When MSPs are moving workloads or even their entire business to the cloud, you might not immediately think about what that means for governance and management of your digital estate. Planning and building the cloud environment itself already consumes enough time and effort. However, it is definitely wise to include management and governance in your strategy from your very first steps in the cloud. Especially since these processes are quite different from how things are done on premises.
One of the major differences in the cloud is that operations and business objectives are more closely aligned. In the on-premise datacentre, the key objective for operations is to support end-user business processes according to long-term SLAs that ensure maximum performance and minimal disruptions.
In the cloud, however, operations has a much more direct impact on business objectives in terms of performance and costs. Consequently, governance and management in the cloud play a far more prominent role in achieving business goals than on premises.
A second difference is found in the dynamic nature of the cloud and the fact that governance and management are different from how they are done on premises. Perhaps one could argue that governance and management are more complex in the cloud – since there is so much more functionality – but they are certainly more important because of the dynamics. The cloud requires a new mindset for the IT management shift that is required to drive value for the business.
Instead of starting up 20 VMs for a given need, which would be quite normal on premises, you would rather use and optimize 10 VMs in the cloud and maintain them on an ongoing basis to get the most out of your assets. However, complexity or difference, if you like, also has another side: management in the cloud is definitely simpler: functionality for monitoring, alerts, patching and more intelligence is provided by the cloud vendor and readily available for use. This results in savings, but also offers peace of mind, for example, in terms of security.
Both the Microsoft Cloud Adoption Framework (CAF) and Well-Architected Framework (WAF) offer a solid plan with best practices, documentation and tools for managing operations in the cloud that deliver on business outcomes. Both frameworks include extensive sections on governance and management in the cloud.
In the governance phase, you look ahead to your business objectives in the cloud; similar to what you already do on premises. These are the first steps in the cloud journey, in which you establish the framework on how you will run your business, but also keep room for the changes that will come along the way. You will find this to be an iterative process. First, at the corporate level, you define the business risks, policies, and compliance and processes. Then you relate these to the five disciplines of cloud governance that support the corporate policies.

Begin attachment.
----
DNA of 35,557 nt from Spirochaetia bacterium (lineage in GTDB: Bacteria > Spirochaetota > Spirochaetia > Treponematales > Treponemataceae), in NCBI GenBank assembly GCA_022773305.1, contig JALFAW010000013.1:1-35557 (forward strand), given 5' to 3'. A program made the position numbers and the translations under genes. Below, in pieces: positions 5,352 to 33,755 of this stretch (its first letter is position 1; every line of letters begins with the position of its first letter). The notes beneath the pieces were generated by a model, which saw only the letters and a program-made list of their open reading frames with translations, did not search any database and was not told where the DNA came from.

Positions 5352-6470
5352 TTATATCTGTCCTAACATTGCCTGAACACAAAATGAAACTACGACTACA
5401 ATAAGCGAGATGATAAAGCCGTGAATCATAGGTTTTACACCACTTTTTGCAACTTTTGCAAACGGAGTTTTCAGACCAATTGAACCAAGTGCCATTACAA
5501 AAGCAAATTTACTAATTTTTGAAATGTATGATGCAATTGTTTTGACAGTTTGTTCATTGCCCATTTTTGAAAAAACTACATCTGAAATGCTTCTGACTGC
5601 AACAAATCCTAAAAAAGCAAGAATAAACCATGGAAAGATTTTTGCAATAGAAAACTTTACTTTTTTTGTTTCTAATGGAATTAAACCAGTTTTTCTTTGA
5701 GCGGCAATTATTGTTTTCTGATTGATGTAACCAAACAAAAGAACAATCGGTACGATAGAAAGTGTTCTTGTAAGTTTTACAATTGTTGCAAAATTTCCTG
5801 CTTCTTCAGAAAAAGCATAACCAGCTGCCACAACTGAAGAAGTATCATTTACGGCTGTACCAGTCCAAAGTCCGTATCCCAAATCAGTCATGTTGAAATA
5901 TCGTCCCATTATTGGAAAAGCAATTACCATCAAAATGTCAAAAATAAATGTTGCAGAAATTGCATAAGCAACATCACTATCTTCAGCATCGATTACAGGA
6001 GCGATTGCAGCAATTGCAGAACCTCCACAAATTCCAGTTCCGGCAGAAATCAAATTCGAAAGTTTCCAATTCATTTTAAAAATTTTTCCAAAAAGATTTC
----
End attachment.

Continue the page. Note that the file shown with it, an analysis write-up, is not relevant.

A similar guideline exists in the Cloud Adoption Framework for managing operations that deliver on business objectives. The define for each workload the degree of criticality for the business, its impact in terms of costs per hour or missed revenue when a certain workload is interrupted, and the commitments to balance performance and cost. This alignment provides the foundation to track and report on the different cloud operations disciplines for each workload.
This article started with the observation that governance and management need to be considered from the very beginning of the cloud journey. But as the Cloud Adoption Framework shows, they are in fact the foundation for all phases of the cloud journey. The journey does not have a destination, but is more like a round trip. You have to continuously govern, manage, optimize and control your assets to deliver on business objectives, especially in the cloud where new technology and services are released daily.
This is the approach we follow for our MSP partners, so that they can build a healthy, future-proof business in the cloud. And avoid disappointments like this:
A partner called us for support in their governance process. They had created Azure SQL database elastic pools with 80 cores and had let them run without using them. A month later, they received an invoice for the capacity they had not used. While they probably had a good reason to leverage the extra capacity, with proper governance and management adequate warnings would have avoided the extra cost.
Contact one of our cloud specialists to discuss how you can improve your governance and management policies in the cloud.
Cloud Transformation Specialist, Insight
Cloud Transformation Specialist, Insight